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Some Simple Analytics of School Quality

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  • Eric A. Hanushek

Abstract

Most empirical analyses of human capital have concentrated solely on the quantity of schooling attained by individuals, ignoring quality differences. This focus contrasts sharply with policy considerations that almost exclusively consider school quality issues. This paper presents basic evidence about the impact of school quality on individual earnings and on economic growth. The calculations emphasize how benefits relate to both the magnitude and the speed of quality improvements. It then considers alternative school reform policies focused on improvements in teacher quality, identifying how much change is required. Finally, teacher bonus policies are put into the context of potential benefits.

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Bibliographic Info

Paper provided by National Bureau of Economic Research, Inc in its series NBER Working Papers with number 10229.

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Date of creation: Jan 2004
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Handle: RePEc:nbr:nberwo:10229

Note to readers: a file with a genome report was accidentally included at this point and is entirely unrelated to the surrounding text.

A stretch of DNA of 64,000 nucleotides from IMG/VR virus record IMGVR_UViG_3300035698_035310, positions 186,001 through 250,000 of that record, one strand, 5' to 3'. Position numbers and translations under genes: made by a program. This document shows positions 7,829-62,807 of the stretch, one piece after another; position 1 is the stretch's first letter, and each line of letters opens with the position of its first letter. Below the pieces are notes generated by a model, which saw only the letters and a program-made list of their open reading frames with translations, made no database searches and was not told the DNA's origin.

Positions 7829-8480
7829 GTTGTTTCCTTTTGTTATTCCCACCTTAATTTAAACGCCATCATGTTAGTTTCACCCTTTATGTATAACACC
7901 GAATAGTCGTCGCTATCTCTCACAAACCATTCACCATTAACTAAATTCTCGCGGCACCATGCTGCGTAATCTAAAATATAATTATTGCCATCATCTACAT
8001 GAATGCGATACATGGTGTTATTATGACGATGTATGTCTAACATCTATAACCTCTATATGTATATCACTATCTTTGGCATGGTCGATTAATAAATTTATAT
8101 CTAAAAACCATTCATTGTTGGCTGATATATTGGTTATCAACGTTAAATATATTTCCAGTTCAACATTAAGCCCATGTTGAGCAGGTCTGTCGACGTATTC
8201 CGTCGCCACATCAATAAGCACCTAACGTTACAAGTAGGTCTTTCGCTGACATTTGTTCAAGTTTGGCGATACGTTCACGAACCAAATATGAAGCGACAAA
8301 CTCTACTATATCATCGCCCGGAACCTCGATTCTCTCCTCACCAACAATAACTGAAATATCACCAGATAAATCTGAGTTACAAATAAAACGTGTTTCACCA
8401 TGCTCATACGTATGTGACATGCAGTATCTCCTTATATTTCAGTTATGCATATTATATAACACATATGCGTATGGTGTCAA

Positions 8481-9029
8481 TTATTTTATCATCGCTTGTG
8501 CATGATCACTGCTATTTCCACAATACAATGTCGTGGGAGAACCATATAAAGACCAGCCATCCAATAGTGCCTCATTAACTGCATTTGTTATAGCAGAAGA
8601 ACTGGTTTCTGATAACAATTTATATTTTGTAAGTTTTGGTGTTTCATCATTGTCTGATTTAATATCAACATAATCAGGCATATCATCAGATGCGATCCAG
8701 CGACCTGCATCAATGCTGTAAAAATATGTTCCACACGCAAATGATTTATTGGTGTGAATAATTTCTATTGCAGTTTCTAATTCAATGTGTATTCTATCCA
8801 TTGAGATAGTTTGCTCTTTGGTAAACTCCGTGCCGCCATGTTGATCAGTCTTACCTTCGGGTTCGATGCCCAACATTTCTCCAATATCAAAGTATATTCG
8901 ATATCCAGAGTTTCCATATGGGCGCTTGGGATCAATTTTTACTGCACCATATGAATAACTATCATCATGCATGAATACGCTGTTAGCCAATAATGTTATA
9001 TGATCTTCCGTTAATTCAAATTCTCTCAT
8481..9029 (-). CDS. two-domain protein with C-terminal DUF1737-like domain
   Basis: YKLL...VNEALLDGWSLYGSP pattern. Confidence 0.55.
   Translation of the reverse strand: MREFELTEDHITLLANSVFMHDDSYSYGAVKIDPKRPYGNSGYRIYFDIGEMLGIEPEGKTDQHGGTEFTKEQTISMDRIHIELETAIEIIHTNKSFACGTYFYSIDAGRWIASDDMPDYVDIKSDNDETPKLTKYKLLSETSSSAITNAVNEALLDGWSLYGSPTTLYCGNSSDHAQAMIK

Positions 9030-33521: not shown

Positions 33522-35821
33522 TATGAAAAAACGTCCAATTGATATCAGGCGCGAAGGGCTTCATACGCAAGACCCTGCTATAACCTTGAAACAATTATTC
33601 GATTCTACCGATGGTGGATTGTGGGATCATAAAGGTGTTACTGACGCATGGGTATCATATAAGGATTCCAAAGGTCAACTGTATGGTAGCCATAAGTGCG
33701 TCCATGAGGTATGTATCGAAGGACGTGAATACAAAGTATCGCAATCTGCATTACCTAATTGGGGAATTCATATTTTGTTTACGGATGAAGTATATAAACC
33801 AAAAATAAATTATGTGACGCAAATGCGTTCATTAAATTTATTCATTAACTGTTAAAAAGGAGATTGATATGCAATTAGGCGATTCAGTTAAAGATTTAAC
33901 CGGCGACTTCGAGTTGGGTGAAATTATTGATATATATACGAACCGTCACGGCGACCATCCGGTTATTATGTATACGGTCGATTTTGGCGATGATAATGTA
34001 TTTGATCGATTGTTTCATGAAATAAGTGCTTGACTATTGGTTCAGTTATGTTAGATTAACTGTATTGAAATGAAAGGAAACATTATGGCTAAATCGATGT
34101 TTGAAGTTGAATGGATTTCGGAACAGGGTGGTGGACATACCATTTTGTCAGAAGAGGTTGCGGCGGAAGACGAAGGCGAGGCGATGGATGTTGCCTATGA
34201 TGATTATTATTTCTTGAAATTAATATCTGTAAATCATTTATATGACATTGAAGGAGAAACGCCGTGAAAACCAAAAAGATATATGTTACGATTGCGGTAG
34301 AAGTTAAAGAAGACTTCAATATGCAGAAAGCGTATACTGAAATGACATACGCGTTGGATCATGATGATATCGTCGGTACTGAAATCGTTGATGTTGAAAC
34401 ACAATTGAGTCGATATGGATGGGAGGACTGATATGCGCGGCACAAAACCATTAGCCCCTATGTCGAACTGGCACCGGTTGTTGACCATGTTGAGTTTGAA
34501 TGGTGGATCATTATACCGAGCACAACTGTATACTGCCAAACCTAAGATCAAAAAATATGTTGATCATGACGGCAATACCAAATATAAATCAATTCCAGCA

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  1. Joseph G. Altonji & Charles R. Pierret, 1997. "Employer learning and statistical discrimination," Working Paper Series, Macroeconomic Issues WP-97-11, Federal Reserve Bank of Chicago.
  2. Blackburn, McKinley L & Neumark, David, 1993. "Omitted-Ability Bias and the Increase in the Return to Schooling," Journal of Labor Economics, University of Chicago Press, vol. 11(3), pages 521-44, July.
  3. Eric A. Hanushek & Steven G. Rivkin & Lori L. Taylor, 1996. "Aggregation and the Estimated Effects of School Resources," NBER Working Papers 5548, National Bureau of Economic Research, Inc.
  4. Richard J. Murnane & John B. Willett & Yves Duhaldeborde & John H. Tyler, 2000. "How important are the cognitive skills of teenagers in predicting subsequent earnings?," Journal of Policy Analysis and Management, John Wiley & Sons, Ltd., vol. 19(4), pages 547-568.
  5. Black, Sandra E. & Devereux, Paul J. & Salvanes, Kjell G., 2003. "Why the Apple Doesn't Fall Far: Understanding Intergenerational Transmission of Human Capital," IZA Discussion Papers 926, Institute for the Study of Labor (IZA).
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  7. Casey B. Mulligan, 1999. "Galton versus the Human Capital Approach to Inheritance," Journal of Political Economy, University of Chicago Press, vol. 107(S6), pages S184-S224, December.
  8. Dennis D. Kimko & Eric A. Hanushek, 2000. "Schooling, Labor-Force Quality, and the Growth of Nations," American Economic Review, American Economic Association, vol. 90(5), pages 1184-1208, December.